The UAW’s GM strike has hit production facilities across the nation, with picketing union members closing down plants and blocking access for anyone attempting to cross the picket line. In a show of solidarity, the Teamsters have joined the UAW and stated that members will “honor [the UAW’s] picket lines.” Now, we’re learning that the GM strike is affecting GM parts availability, which could leave some collision shops and insurers in limbo.
The GM parts availability issue was confirmed in an email this week, with General Motors senior communications manager Jim Cain addressing it directly, writing:
“Negotiations between GM and the UAW continue but our ability to ship parts from our distribution facilities is limited. Our dealers have a limited supply of parts, however, we are supplementing customer needs with inventories from a group of wholesale dealers and ACDelco Distributors.”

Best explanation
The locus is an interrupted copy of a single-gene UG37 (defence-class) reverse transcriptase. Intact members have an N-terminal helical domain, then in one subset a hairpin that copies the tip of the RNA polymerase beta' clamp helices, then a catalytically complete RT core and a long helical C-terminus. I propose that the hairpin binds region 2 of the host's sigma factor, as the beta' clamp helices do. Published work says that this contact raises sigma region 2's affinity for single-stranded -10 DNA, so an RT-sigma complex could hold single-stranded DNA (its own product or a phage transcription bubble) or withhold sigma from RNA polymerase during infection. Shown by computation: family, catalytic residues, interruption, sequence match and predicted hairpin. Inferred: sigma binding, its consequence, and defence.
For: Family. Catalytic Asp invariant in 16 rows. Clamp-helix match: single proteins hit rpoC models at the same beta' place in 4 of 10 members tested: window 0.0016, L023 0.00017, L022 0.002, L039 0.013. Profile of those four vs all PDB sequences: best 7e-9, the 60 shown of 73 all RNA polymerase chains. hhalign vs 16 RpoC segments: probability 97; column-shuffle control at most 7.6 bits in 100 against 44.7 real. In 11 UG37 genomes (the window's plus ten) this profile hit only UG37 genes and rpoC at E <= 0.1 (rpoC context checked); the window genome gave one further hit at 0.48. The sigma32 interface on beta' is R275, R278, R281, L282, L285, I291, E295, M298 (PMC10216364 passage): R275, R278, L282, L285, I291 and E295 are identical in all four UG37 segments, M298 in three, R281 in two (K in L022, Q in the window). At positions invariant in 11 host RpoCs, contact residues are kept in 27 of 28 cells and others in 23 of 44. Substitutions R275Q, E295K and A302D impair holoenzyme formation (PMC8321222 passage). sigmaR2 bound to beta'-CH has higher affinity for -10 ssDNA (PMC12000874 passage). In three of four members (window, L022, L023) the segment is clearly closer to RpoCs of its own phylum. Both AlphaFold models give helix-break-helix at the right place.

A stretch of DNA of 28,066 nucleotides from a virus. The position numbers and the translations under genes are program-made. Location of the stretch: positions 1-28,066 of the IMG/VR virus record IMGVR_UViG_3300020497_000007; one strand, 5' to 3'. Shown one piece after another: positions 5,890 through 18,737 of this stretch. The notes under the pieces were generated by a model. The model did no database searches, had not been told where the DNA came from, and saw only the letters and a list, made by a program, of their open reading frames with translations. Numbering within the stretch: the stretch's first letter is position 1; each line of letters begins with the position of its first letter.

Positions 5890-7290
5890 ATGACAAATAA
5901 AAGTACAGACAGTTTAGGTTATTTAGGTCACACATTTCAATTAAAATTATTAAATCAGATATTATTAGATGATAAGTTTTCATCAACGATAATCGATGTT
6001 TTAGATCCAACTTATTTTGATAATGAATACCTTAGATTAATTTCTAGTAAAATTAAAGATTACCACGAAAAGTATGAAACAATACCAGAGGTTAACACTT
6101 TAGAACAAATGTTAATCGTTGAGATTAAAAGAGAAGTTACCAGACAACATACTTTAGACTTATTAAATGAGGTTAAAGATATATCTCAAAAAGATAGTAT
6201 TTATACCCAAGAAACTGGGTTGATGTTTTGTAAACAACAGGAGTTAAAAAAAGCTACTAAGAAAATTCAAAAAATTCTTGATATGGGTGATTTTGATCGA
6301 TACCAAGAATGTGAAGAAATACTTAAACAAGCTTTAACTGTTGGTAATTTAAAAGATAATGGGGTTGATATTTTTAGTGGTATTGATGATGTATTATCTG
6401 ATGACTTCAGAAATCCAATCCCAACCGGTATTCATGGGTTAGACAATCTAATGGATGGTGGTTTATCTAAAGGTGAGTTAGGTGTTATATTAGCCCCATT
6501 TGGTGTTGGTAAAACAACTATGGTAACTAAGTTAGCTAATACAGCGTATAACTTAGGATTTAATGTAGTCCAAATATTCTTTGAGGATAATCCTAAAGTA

Cain went on to indicate that there are over 300 wholesale GM dealers offering “large stocks of collision and repair parts for sale to other dealers and the independent after market.”
Just last month, GM launched a new service parts processing center in Burton, Michigan, but it too has reportedly been affected by the latest GM strike. When it’s finally back up and running at full capacity, the new processing center is expected to average upwards of 100 inbound and 55 outbound deliveries daily.
Yesterday, we reported that despite the recent GM strike, production of the 2020 Corvette C8 would almost certainly not be delayed, despite assertions from other publications to the contrary. We believe this is still the case, even when considering the statements made in Cain’s email, as although some suppliers may be delayed by the GM strike, they are still under contract to provide parts by a certain date, and therefore won’t delay C8 production in the long term.
For now, the GM strike is in its fifth day. Contract negotiations between the UAW and GM are ongoing, but progress is reportedly slow-going.
Source: Repairer Driven News